Unity Deal Can Only be Saved From Within –– Analysts

SADC cannot push President Robert Mugabe and MDC leader Morgan Tsvangirai to form a unity government “unless and until” the deep mistrust between the two protagonists is resolved, political analysts have said.

The analysts said although the regional bloc failed to facilitate a “real” power-sharing deal, it had done much to find a political solution to the country’s decade-long crisis and was let down by Mugabe and Tsvangirai’s fixation on gaining maximum power in the envisaged unity government.

The pact signed on September 15 last year, the analysts said, was on the verge of collapsing and would take direct intervention by Mugabe and Tsvangirai to salvage it.

Tsvangirai’s party meets on Sunday to decide whether or not to support Constitutional Amendment No19, which gives legal effect to the power-sharing pact, when it is introduced in parliament on Tuesday.

The MDC had earlier indicated that it would oppose the Bill until “outstanding issues” of the pact are resolved.

This, the analysts said, would signal the collapse of the deal and the country’s crisis will deepen and worsen the  humanitarian situation.

Among the outstanding issues the MDC-Tsvangirai cites are the allocation of ministerial portfolios; appointment of governors, ambassadors and permanent secretaries; and the constitutive nature of national security council.

Political commentator Alex Magaisa said there were no hopes of Sadc salvaging the deal given the positions of Mugabe and Tsvangirai.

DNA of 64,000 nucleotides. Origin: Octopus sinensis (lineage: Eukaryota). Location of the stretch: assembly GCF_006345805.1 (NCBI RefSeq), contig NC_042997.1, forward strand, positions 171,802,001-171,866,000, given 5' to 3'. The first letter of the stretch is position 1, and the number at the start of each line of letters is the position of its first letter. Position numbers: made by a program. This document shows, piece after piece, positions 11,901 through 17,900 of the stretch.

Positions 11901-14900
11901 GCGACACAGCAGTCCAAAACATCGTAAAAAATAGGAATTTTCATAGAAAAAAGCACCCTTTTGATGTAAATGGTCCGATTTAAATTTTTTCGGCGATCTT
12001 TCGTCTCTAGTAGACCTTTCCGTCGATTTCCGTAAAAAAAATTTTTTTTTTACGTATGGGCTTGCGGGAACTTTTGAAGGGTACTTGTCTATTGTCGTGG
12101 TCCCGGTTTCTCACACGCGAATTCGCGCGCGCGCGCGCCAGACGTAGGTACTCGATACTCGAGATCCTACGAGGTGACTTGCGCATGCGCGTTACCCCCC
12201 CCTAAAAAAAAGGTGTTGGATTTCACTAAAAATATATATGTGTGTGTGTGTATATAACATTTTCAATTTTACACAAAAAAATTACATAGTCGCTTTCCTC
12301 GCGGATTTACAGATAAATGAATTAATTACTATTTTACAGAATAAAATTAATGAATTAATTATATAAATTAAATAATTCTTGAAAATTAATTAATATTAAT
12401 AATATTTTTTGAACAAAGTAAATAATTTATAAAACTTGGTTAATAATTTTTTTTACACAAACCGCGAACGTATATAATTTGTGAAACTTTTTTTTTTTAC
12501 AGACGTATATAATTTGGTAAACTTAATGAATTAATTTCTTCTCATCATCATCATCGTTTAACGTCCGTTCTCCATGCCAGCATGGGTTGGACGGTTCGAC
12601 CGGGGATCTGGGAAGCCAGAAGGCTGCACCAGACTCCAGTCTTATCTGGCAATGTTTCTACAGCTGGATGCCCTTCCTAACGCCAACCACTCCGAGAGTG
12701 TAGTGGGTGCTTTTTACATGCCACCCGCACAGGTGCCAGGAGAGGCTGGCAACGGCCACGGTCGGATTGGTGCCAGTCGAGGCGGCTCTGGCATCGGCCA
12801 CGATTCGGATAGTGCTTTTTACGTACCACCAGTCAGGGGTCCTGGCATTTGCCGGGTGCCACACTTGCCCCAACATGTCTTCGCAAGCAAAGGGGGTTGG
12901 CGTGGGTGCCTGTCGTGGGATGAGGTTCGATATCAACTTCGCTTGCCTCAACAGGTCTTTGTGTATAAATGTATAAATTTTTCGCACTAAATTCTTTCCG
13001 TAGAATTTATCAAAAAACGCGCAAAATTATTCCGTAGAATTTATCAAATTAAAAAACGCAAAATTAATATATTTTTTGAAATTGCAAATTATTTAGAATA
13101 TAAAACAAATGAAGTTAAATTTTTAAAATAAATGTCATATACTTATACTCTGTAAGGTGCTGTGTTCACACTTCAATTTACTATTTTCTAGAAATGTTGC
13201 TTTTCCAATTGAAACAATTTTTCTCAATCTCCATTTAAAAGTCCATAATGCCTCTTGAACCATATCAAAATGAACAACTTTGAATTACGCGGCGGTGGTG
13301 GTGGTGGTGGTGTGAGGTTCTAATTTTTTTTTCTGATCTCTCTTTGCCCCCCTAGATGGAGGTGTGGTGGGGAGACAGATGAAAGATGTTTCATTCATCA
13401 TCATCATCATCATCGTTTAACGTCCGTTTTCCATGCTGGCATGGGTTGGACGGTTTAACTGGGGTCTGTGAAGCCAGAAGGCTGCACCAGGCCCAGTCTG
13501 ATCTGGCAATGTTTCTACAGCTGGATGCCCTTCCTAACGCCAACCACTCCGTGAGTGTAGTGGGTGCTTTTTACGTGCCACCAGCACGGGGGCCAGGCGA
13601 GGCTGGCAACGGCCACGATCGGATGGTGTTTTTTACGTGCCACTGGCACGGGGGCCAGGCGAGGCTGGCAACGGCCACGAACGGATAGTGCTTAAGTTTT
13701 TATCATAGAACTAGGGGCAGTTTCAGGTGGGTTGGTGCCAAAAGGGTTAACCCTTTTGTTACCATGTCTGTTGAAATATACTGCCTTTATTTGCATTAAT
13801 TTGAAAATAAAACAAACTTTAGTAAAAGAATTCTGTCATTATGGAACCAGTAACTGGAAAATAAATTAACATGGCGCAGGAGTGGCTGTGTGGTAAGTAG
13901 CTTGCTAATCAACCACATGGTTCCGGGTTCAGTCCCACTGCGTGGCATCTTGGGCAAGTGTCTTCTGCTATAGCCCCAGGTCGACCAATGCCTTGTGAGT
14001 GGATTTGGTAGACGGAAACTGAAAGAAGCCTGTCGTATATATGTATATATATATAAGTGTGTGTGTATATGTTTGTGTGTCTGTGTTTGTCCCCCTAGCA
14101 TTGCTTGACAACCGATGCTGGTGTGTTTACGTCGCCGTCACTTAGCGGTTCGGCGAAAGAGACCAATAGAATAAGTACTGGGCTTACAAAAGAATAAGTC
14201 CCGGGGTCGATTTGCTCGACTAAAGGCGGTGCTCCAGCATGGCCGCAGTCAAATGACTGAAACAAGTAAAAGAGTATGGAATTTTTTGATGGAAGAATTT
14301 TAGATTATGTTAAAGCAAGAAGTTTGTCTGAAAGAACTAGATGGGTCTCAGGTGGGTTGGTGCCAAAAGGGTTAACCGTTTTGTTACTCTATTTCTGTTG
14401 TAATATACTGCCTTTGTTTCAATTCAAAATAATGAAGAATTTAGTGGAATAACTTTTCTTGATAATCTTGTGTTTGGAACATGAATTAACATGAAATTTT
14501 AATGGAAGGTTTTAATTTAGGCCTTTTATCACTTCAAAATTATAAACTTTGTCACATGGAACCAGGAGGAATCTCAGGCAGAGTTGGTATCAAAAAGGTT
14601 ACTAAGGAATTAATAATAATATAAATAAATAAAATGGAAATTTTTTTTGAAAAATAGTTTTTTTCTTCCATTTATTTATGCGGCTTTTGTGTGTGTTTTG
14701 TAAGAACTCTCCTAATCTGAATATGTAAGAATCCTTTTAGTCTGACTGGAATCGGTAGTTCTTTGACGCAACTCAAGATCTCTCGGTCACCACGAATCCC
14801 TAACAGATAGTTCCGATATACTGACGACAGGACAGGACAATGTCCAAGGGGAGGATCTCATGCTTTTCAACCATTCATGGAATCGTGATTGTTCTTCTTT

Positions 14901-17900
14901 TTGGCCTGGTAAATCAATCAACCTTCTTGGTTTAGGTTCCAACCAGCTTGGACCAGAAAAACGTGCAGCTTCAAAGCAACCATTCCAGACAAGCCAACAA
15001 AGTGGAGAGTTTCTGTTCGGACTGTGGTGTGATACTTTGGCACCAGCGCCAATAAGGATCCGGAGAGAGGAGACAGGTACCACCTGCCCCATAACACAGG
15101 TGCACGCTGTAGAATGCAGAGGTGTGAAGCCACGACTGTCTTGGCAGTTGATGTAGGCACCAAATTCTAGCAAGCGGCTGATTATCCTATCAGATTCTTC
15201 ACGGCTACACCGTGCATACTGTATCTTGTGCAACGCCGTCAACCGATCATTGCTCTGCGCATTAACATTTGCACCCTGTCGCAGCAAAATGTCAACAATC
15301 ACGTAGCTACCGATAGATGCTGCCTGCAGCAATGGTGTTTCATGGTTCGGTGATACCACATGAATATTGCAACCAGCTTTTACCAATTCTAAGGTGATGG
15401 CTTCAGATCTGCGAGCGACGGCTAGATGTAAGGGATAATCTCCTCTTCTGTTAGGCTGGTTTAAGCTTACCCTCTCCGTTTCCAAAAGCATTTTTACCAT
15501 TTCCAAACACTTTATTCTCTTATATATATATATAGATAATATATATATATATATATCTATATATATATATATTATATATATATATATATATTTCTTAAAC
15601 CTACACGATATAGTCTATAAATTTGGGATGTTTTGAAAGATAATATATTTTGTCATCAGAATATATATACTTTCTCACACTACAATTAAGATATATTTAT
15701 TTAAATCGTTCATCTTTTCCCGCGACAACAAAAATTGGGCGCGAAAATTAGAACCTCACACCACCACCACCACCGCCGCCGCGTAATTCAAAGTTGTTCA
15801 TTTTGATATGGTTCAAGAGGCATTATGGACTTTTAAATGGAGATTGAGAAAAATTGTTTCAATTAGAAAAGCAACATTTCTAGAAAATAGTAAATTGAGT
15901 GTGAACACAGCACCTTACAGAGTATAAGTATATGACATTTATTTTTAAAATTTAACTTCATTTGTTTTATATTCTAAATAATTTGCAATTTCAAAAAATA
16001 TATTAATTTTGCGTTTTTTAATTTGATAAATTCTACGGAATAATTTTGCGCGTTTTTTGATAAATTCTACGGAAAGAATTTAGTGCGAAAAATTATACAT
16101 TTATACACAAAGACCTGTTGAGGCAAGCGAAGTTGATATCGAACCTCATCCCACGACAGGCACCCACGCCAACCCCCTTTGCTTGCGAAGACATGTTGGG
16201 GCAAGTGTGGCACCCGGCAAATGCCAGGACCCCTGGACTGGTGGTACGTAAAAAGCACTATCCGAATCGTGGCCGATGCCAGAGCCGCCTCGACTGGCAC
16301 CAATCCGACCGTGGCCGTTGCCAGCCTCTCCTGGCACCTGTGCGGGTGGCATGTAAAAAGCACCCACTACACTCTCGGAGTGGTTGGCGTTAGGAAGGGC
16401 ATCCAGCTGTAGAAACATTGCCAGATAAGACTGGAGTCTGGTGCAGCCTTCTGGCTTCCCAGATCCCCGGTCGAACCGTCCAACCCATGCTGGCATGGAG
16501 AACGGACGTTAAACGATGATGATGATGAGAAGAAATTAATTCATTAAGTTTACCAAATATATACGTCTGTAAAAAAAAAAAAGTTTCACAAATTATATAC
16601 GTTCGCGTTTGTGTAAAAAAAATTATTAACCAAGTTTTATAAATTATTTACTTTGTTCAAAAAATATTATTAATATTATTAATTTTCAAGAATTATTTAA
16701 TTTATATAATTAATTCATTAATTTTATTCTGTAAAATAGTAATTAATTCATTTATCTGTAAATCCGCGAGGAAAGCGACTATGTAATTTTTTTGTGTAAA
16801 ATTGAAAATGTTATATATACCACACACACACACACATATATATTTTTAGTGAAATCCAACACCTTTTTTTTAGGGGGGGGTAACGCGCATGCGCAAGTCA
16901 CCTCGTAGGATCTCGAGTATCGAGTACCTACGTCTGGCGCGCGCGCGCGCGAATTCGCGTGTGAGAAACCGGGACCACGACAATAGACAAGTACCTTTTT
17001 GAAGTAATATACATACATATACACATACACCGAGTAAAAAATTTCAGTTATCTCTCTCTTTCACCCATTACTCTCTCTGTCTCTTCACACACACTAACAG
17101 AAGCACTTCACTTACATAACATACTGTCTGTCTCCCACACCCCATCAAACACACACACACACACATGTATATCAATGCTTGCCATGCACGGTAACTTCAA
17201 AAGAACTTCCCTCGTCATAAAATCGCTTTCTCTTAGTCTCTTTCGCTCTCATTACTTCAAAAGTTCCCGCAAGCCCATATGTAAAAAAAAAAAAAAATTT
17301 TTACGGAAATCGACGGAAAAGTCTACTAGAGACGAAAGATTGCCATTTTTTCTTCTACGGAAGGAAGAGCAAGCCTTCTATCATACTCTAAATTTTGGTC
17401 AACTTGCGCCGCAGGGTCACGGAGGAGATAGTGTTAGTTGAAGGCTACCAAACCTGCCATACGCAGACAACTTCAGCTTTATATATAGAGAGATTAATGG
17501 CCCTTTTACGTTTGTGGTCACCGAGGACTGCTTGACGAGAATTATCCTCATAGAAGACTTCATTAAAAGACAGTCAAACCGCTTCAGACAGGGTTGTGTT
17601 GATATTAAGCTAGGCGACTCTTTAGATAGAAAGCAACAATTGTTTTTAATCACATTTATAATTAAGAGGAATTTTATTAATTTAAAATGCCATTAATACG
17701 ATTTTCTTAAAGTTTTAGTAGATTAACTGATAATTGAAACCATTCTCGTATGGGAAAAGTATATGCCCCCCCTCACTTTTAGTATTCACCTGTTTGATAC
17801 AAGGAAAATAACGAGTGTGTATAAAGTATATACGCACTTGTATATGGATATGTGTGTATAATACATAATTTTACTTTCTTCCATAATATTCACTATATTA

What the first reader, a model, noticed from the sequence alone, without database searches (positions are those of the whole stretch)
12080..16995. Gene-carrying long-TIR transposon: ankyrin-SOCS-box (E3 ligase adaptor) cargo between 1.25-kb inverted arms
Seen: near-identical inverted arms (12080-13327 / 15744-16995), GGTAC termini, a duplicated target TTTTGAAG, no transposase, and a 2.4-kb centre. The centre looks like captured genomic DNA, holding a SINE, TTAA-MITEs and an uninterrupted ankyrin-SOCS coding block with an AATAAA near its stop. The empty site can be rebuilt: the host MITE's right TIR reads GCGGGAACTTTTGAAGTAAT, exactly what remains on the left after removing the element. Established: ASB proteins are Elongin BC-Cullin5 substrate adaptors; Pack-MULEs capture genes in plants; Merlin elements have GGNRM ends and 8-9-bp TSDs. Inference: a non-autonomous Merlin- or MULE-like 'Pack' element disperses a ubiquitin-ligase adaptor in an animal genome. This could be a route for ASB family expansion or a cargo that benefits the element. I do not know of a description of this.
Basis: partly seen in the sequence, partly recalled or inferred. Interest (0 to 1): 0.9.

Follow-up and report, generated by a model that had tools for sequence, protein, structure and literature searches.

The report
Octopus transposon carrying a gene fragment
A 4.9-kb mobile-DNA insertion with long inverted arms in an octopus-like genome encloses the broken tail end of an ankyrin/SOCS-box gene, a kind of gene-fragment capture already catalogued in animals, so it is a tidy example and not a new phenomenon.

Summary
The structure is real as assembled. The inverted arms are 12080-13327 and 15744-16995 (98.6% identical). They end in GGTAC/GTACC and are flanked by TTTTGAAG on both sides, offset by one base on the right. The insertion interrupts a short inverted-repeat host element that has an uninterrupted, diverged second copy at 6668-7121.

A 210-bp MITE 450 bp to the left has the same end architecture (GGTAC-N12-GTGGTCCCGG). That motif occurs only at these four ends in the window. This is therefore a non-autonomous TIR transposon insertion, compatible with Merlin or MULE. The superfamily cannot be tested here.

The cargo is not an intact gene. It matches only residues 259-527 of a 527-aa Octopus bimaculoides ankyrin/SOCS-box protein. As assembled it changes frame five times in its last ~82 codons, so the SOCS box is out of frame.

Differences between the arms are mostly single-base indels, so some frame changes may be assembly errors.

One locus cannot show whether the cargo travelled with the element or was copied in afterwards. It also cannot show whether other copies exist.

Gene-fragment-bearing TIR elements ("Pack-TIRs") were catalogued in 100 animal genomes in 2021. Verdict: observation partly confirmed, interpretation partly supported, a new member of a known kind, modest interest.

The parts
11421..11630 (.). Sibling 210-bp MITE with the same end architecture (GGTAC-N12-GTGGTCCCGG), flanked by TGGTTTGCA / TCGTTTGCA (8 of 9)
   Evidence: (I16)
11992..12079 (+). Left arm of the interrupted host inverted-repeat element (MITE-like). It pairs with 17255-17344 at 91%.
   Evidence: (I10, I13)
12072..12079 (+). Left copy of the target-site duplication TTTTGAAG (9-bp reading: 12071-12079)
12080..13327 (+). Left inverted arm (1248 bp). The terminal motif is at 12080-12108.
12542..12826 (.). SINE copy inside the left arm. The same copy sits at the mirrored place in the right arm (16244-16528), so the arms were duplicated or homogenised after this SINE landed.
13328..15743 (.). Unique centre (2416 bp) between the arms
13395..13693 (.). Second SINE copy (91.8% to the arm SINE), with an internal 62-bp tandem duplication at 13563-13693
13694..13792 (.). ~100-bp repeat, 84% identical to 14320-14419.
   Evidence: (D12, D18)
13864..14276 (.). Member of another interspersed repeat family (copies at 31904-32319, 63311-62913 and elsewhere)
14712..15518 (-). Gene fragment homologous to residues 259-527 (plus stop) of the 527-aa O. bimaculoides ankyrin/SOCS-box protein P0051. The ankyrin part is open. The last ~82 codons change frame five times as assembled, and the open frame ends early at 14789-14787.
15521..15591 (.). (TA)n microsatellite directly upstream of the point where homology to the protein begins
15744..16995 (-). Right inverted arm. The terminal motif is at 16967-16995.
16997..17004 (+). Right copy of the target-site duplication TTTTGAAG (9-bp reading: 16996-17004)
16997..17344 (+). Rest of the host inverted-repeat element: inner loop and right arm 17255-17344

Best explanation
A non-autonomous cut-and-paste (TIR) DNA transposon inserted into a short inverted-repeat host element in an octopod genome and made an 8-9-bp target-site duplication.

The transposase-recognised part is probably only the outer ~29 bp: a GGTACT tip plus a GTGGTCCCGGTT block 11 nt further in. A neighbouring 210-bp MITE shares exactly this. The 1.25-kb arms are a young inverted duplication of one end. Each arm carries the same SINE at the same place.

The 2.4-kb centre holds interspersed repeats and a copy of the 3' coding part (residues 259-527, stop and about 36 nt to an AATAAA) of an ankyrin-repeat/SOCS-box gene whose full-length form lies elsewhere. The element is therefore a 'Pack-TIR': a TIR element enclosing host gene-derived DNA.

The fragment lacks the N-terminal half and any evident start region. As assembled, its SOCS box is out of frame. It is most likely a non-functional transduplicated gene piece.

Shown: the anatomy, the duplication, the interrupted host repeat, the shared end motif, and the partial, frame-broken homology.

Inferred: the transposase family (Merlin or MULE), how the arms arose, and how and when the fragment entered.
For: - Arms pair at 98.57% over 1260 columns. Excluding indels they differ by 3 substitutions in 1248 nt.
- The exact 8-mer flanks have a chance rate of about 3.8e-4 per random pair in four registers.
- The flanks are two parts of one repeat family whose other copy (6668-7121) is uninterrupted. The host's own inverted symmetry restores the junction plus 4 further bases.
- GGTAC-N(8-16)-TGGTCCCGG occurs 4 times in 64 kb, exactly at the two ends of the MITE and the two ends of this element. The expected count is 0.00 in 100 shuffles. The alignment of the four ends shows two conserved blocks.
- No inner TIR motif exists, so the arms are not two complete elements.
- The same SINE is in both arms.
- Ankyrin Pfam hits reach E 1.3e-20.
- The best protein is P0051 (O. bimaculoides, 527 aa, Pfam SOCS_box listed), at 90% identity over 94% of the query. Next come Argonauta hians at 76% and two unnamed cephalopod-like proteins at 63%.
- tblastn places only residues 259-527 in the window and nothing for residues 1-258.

“To continue to raise hopes and insist on the deal, which is yielding nothing, is tantamount to buying time and patience for the Mugabe regime while the disaster is unfolding in Zimbabwe,” Magaisa observed.
He said both parties were to blame.

“For its part, the MDC is not helping matters. They protest that there are fundamental breaches of the deal, that the talks have stalled and there are abductions and all manner of violations that suggests to all and sundry that nothing good will comes out of this, yet incredibly insist that they are still committed to the mediation process,” Magaisa said.

“There must come a point, surely, when they have to say that this is not working and it’s not going to work and pursue other options. But I fear, however, that they have no other strategy other than the negotiations –– that means they are stuck (and so are Zimbabweans) in a process that is unlikely to yield anything.”

Sadc chairperson and also South African president, Kgalema Motlanthe indicated that there was nothing Sadc could do for Mugabe and Tsvangirai to form a unity government.

“Being the chair does not mean you have the power to take or push for decisions the parties to the conflict are not agreeable to,” Motlanthe told the South African Mail & Guardian. “Our role can only be to facilitate the process of finding solutions.”

He said if the regional bloc had its way, the constitutional amendment should have been tabled in parliament in the first week of January, but the MDC took a decision to convene the House on January 20.

Motlanthe lamented the absence of Tsvangirai from Zimbabwe and insisted the MDC should join the unity government.